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LGC approves Wilmington's purchase of Thermo Fisher building

Vince Winkel
The city is planning to purchase the Thermo Fisher building, formerly the PPD headquarters, in downtown Wilmington.

State Treasurer Dale Folwell raised concerns about the purchase — sparking pushback from one city council member — but the measure ultimately passed by a 7-1 vote. The sale process now goes to the city for a final vote.

State Treasurer Dale Folwell, the sole dissenting vote, said he was concerned about the high price tag of the building and the viability of the commercial real estate market.

“I’m still very uncomfortable with the price," he said.

Folwell was also uncomfortable with City Councilman Charlie Rivenbark voting on the proposal. He noted Rivenbark’s involvement with Cape Fear Commercial, which is the real estate representative selling the building.

City Manager Tony Caudle said the city’s legal team discussed that with Rivenbark, and he does not have a financial interest in the purchase. Rivenbark had earlier told WHQR he would recuse himself but, as city officials have noted, without legal guidance on a conflict of interest, council members are legally required to cast a vote.

Folwell’s opposition drew the ire of councilman Luke Waddell, who suggested in a press release that Folwell is unfairly targeting the Cape Fear Region.

Folwell has been critical of several local county projects, including Project Grace and the Government Center redevelopment, where the county proposed a 'lease to own' financing plan that would have enriched developers at the public's expense. The Government Center eventually moved forward with a different, less costly financing plan, and Project Grace appears to be following suit. Folwell was also critical of the county's sale of New Hanover Regional Medical Center and its purchase of the former Bank of America building on behalf of Cape Fear Community College.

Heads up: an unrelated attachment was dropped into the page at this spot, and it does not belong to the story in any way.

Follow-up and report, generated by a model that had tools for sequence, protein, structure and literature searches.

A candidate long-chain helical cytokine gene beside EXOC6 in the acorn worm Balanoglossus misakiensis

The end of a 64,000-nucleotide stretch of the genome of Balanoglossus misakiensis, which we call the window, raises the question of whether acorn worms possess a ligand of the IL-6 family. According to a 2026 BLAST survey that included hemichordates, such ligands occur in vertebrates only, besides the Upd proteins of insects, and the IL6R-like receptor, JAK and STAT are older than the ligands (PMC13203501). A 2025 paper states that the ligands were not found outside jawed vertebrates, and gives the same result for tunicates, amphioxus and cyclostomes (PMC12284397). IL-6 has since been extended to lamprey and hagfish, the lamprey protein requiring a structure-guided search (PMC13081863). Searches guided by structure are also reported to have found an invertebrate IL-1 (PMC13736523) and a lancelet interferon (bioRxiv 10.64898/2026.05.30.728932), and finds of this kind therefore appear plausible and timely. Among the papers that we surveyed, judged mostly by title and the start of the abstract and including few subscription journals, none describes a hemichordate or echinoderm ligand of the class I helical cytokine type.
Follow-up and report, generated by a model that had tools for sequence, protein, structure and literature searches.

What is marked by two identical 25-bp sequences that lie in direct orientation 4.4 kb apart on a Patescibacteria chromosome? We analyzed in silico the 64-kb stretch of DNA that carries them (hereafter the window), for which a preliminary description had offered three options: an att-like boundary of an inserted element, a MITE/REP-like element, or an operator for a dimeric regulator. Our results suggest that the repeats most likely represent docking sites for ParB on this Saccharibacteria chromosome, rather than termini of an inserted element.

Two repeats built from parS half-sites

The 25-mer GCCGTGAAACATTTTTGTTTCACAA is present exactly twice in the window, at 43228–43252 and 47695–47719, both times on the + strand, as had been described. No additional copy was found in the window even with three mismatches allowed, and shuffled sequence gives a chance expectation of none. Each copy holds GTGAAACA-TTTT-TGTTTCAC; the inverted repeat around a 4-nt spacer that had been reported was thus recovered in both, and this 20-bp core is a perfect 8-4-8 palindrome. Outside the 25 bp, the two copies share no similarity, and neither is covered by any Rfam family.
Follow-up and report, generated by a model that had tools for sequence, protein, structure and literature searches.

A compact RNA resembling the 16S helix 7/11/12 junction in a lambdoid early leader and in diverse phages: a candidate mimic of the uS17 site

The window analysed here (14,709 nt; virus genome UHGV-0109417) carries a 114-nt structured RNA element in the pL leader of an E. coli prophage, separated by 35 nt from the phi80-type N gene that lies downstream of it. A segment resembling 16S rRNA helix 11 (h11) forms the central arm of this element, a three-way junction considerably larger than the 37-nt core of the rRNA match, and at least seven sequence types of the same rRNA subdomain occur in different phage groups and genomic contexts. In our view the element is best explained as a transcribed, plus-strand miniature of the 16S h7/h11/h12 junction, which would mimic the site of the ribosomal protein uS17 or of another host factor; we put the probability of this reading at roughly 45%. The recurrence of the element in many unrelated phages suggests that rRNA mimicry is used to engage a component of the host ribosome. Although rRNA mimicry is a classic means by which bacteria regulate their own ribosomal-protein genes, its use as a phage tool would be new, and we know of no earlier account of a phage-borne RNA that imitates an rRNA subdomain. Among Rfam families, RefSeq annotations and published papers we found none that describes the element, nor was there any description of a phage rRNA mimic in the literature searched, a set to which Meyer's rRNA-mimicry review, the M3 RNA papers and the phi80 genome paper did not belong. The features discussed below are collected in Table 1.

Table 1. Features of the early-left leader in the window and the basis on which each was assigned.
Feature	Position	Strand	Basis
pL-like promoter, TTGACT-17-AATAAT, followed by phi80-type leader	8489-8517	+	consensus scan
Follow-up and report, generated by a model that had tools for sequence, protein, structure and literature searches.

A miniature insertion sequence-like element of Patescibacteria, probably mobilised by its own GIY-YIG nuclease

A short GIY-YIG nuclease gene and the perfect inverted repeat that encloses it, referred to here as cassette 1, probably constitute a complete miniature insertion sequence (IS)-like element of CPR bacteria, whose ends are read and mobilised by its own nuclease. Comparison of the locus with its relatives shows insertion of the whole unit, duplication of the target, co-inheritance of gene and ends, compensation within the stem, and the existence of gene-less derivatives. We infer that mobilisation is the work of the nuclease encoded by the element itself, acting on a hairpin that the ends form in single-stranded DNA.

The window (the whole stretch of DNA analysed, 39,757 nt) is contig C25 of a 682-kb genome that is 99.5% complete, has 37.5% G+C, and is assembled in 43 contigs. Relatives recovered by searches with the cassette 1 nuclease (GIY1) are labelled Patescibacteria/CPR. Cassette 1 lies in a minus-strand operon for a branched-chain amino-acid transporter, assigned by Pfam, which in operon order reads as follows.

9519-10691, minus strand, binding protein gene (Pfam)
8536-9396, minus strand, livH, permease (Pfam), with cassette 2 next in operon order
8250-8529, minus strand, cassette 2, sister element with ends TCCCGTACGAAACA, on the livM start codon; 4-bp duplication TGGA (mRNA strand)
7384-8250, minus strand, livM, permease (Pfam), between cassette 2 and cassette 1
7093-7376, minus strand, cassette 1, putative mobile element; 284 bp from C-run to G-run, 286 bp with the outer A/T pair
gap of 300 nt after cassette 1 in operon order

The city will not increase taxes to fund the deal. Instead, they plan to shift more of the city’s yearly tax revenue towards paying off the debt — about $2.5 million yearly.

City staff initially brought the proposal to the LGC at their May 2 meeting. During that presentation, staff said they hope to make $19 million towards offsetting the cost of the purchase by selling existing property — but that will depend on the market.

City manager Tony Caudle said using open or sealed bid processes for those sales will depend on each property—but that open bids are generally more productive.

He also said the city received one inquiry on the potential purchase of the former United Bank Building on 3rd Street from a member of the private sector.

The city hopes to close on the property in mid-July, according to a press release.

Grace is a multimedia journalist recently graduated from American University. She's attracted to issues of inequity and her reporting has spanned racial disparities in healthcare, immigration detention and college culture. In the past, she's investigated ICE detainee deaths at the Investigative Reporting Workshop, worked on an award-winning investigative podcast, and produced student-led video stories.